Manager’s Message — March 2022

Services to Rural Communities

Dear Co-op Community Members:

Debi WilsonLiving in rural Oregon provides many with beautiful natural surroundings. Yet, as has been true for many years, it also comes with challenges. One of these challenges since the 1930s has been providing services to rural America. Providing electricity to rural areas was costly and prohibitive, so more than 80 years ago, the Rural Electrification Act was adopted to bring electricity to farms.

Fast forward to 2022. We have more modern-day conveniences, but providing services to rural communities still has challenges due to population density and necessary miles of line. A current hurdle in our service territory is access to high-speed internet. This is a challenge for many in rural communities across the United States, especially as more of our population works and accesses school at home.

Many members are excited at the prospect of broadband coming to the area, and we are excited, too! Members’ access to broadband gives them better internet services for work and play. Installing these services is a process we welcome and are required to allow. Recently, many say they have heard Lane Electric is not allowing companies to attach to our poles, denying you access to broadband. This statement is simply not true.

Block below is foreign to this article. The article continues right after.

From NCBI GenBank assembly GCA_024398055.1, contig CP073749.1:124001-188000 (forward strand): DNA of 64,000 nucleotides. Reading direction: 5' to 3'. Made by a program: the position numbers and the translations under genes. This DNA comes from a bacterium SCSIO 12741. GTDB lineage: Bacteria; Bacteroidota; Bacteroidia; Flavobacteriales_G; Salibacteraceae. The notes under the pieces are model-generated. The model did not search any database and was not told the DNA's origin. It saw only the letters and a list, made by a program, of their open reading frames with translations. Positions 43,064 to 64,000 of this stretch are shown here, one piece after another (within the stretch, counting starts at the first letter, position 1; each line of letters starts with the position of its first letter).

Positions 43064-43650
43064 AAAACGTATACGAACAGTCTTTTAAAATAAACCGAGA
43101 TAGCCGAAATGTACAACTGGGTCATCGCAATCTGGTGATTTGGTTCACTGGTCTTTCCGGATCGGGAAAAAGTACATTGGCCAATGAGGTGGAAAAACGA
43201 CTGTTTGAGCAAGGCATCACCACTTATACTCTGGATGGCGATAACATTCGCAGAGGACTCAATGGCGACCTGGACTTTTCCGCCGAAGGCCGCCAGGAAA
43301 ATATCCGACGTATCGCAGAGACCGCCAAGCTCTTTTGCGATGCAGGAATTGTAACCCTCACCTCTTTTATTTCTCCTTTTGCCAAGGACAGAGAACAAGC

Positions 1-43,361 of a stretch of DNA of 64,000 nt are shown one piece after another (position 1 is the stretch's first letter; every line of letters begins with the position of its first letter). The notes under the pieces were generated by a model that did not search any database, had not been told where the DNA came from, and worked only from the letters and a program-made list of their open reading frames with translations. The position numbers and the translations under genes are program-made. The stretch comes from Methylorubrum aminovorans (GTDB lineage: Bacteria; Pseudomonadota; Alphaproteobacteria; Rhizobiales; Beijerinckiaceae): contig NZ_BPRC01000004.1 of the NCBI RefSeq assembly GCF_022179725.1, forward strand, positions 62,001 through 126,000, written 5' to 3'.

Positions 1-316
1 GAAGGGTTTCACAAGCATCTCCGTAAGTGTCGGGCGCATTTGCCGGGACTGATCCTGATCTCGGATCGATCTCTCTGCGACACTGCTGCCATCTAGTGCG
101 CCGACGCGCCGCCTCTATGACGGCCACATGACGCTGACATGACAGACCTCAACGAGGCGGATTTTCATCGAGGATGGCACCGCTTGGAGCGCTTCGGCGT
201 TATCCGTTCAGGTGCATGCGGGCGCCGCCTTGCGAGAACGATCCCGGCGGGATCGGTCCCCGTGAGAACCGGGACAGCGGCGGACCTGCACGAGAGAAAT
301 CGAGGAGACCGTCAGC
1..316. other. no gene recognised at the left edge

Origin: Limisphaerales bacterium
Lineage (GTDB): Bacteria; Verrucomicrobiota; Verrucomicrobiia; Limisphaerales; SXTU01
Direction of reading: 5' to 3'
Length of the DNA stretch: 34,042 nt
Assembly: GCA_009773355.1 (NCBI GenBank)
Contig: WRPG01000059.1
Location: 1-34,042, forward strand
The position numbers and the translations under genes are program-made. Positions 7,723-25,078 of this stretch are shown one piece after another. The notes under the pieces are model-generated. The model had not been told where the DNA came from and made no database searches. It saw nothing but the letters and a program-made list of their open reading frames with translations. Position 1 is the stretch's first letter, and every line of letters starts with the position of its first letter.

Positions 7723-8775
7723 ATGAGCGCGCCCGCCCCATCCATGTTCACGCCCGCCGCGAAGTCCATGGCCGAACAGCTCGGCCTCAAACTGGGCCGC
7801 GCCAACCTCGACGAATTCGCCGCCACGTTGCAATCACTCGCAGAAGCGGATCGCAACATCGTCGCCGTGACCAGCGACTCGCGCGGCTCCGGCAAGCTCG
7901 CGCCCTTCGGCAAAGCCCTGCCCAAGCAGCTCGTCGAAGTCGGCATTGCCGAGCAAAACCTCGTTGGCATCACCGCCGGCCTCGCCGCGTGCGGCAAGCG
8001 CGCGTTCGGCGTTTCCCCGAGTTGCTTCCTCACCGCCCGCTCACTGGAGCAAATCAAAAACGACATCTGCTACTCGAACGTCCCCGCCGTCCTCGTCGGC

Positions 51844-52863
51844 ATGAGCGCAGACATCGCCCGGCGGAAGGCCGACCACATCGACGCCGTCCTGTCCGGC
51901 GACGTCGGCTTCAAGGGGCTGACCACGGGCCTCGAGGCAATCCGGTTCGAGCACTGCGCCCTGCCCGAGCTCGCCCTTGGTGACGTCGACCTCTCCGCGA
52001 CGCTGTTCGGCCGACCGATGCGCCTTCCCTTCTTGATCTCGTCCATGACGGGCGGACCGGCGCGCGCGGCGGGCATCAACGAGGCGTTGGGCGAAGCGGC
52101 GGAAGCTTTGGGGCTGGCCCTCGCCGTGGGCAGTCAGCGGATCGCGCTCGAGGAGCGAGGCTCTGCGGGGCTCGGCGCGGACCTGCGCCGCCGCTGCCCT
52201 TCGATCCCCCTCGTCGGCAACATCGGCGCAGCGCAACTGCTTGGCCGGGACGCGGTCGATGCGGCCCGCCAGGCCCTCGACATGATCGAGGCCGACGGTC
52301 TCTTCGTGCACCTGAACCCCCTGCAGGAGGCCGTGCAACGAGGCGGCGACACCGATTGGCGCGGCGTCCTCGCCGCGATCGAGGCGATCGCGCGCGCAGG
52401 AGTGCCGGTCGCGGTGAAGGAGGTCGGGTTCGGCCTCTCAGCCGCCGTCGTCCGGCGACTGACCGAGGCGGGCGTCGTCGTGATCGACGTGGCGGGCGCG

We have a process, as do all utilities, for attaching services to our poles. Our poles and electric services are regulated by the Oregon Public Utilities Commission, the PUC. Lane Electric—as with all Oregon utilities—is required to ensure the safety and integrity of our system. Utilities are liable for anything attached to their poles. Therefore, processes and engineering designs must be developed and followed.

Recently, Oregon made it easier to attach to electrical systems by allowing companies the rights to our easements. This takes out one step of the process and saves time and money. Yet, to build these systems there is still a process. Engineering designs must be submitted so Lane Electric can ensure system integrity. Sometimes, further engineering is necessary, and poles need to be replaced.

Pole attachments are a strain on many electric companies. Across the United States, electric service providers are hiring outside engineering firms to review these designs, as well as perform the post inspections to ensure there are no PUC violations. It is Lane Electric’s job to protect our community by following safety guidelines. We also want to protect our members’ electric rates, as these processes can be expensive and the fines from safety violations can be costly.

Members, we want you to know we fully support and allow pole attachments. You, as well as any service provider, can find our pole attachment processes on our website. We have a duty to serve you and do what is best for all Lane Electric members.

Debi Wilson